Art property tax decision will save millions


Robert Motherwell, Elegy to the Spanish Republic # 134 (1976).
Courtesy of the Elkins Collection.

In what is seen as a victory for art collectors seeking to dodge or minimize inheritance taxes, a U.S. appeals court agreed that shared ownership of a premier art collection of several million dollars – also known as “fractional interest” – entitled a Texas family to substantial tax relief when it came to settling an estate.

The value of the collection is immense. For nearly three decades (1970-1999), Houston-based James Elkins and his wife Margaret collected 64 works by artists, including Pablo Picasso, Jackson pollock, Paul Cézanne, Jasper john, Ellsworth Kelly, Cy twombly and Robert motherwell, among others. Ms Elkins died in May 1999 and Mr Elkins died in March 2006. Prior to their death, they set up an income trust retained by the settlor (or GRIT) whereby partial ownership of the art passed to each of their three children.

While the terms of this particular estate planning vehicle are complex, the basic premise is that shared ownership interests prevent a sale or transfer of works, as divided ownership means there should be unanimous agreement on any. proposed sale. In addition, the children had publicly declared that they had no interest in selling the works and that they were in a sufficiently strong financial position that they did not need them.

Three recognized experts

The Elkins family believed that restricted ownership had an impact on the value of the works and that the property taxes owed to them should reflect a 44% reduction in determining their fair market value. In addition, the family employed three well-known experts to provide and justify the extent of the discount. These included: David Nash, co-director of Mitchell-Innes & Nash; William T. Miller, a Texas legal expert; and Mark Mitchell, an expert on valuing fractional interests in property. The IRS, however, disagreed and hit the family with a tax bill, or “deficiency notice,” saying they owed more than $ 14 million plus interest.

The decision, rendered on September 15 by the US Court of Appeals for the Fifth Circuit, ruled in favor of the family. The judge ruled that “this defect resulted solely from the [IRS] Disallowance by the Commissioner of the “reduction of fractional ownership”. Earlier, a US tax court ruled that the family was entitled to some discount rate, but he did not accept the calculations of the Elkins family and instead opted for a seemingly arbitrary “10%” discount. The appeals court disputed this, stating: “We did not agree with the final stage of the court’s analysis which led it not only to reject the [Elkins family’s proposed discount] but also to adopt and apply one of his own without any supporting evidence. The Fifth Circuit ruling ruled in favor of an even larger discount, ranging from 52% to 80%, depending on the work in question and based on testimony from estate experts.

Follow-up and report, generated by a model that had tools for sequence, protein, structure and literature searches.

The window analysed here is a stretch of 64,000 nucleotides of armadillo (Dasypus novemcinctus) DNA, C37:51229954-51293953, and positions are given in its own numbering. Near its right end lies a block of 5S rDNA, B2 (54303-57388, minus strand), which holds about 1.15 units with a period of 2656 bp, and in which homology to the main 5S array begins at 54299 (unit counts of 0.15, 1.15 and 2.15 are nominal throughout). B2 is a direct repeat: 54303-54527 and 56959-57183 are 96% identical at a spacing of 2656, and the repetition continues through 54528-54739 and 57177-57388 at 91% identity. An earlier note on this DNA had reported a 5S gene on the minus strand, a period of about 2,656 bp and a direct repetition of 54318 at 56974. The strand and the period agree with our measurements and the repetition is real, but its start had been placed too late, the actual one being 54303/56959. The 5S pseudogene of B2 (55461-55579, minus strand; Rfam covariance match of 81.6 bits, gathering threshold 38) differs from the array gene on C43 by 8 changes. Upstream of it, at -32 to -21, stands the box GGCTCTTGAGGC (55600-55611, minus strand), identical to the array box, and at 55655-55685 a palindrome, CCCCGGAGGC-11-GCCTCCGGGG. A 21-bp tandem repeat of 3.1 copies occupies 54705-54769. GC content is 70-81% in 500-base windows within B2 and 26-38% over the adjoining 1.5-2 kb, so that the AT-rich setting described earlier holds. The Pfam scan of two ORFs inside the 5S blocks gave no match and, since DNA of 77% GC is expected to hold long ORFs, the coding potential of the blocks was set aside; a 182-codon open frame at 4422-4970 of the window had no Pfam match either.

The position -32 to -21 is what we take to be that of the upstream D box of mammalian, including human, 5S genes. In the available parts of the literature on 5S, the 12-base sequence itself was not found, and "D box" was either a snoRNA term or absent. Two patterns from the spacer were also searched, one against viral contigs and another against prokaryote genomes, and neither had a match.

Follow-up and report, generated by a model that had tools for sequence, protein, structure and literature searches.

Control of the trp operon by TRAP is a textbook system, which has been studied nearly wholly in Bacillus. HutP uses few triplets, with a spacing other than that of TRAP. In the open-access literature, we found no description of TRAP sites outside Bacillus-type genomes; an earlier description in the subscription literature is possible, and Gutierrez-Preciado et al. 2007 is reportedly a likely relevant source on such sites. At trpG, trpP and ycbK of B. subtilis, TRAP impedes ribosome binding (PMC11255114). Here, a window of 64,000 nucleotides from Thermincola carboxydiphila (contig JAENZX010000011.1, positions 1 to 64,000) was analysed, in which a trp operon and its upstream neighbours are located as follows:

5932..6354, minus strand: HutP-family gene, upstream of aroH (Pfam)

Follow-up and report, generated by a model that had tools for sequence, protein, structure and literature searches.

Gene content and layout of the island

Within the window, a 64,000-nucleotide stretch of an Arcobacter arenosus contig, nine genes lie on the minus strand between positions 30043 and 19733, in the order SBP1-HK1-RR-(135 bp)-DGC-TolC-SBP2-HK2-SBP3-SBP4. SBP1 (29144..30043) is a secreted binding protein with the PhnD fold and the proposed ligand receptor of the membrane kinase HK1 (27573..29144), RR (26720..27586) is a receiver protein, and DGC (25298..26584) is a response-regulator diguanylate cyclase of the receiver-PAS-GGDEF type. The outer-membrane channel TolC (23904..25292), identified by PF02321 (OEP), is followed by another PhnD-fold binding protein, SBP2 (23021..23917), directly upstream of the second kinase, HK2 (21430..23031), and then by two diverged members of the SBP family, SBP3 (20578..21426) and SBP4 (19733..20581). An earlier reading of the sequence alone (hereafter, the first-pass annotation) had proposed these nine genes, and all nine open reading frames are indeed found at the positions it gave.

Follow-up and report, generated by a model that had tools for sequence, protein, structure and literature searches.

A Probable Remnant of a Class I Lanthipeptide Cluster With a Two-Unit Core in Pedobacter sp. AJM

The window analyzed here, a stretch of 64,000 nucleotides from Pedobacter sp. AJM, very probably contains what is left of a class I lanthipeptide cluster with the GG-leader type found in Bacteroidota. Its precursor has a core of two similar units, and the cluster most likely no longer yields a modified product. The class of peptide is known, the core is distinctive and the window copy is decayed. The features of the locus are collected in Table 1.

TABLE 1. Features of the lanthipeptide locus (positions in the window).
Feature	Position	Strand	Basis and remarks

“This is truly the first case to seriously consider this question in the case of fine art.”

Donald Wood, the lawyer representing the Elkins family, told artnet News by phone: This case simply extended this well-established right to works of art. It is truly the first case to seriously consider this question in the case of fine art. “

We also asked art law expert Nicholas O’Donnell, partner of Sullivan & Worcester in Boston, for his opinion on the decision. O’Donnell responded, by e-mail: “The case is a little unusual because while the taxpayer presented an extensive case on the appropriate discount rate, the IRS offered none. On top of that, the Tax Court ruling under review rejected the estate’s proposed rebate and chose 10 percent. The 5th Circuit was particularly critical as this number seemed more or less drawn from the air. “

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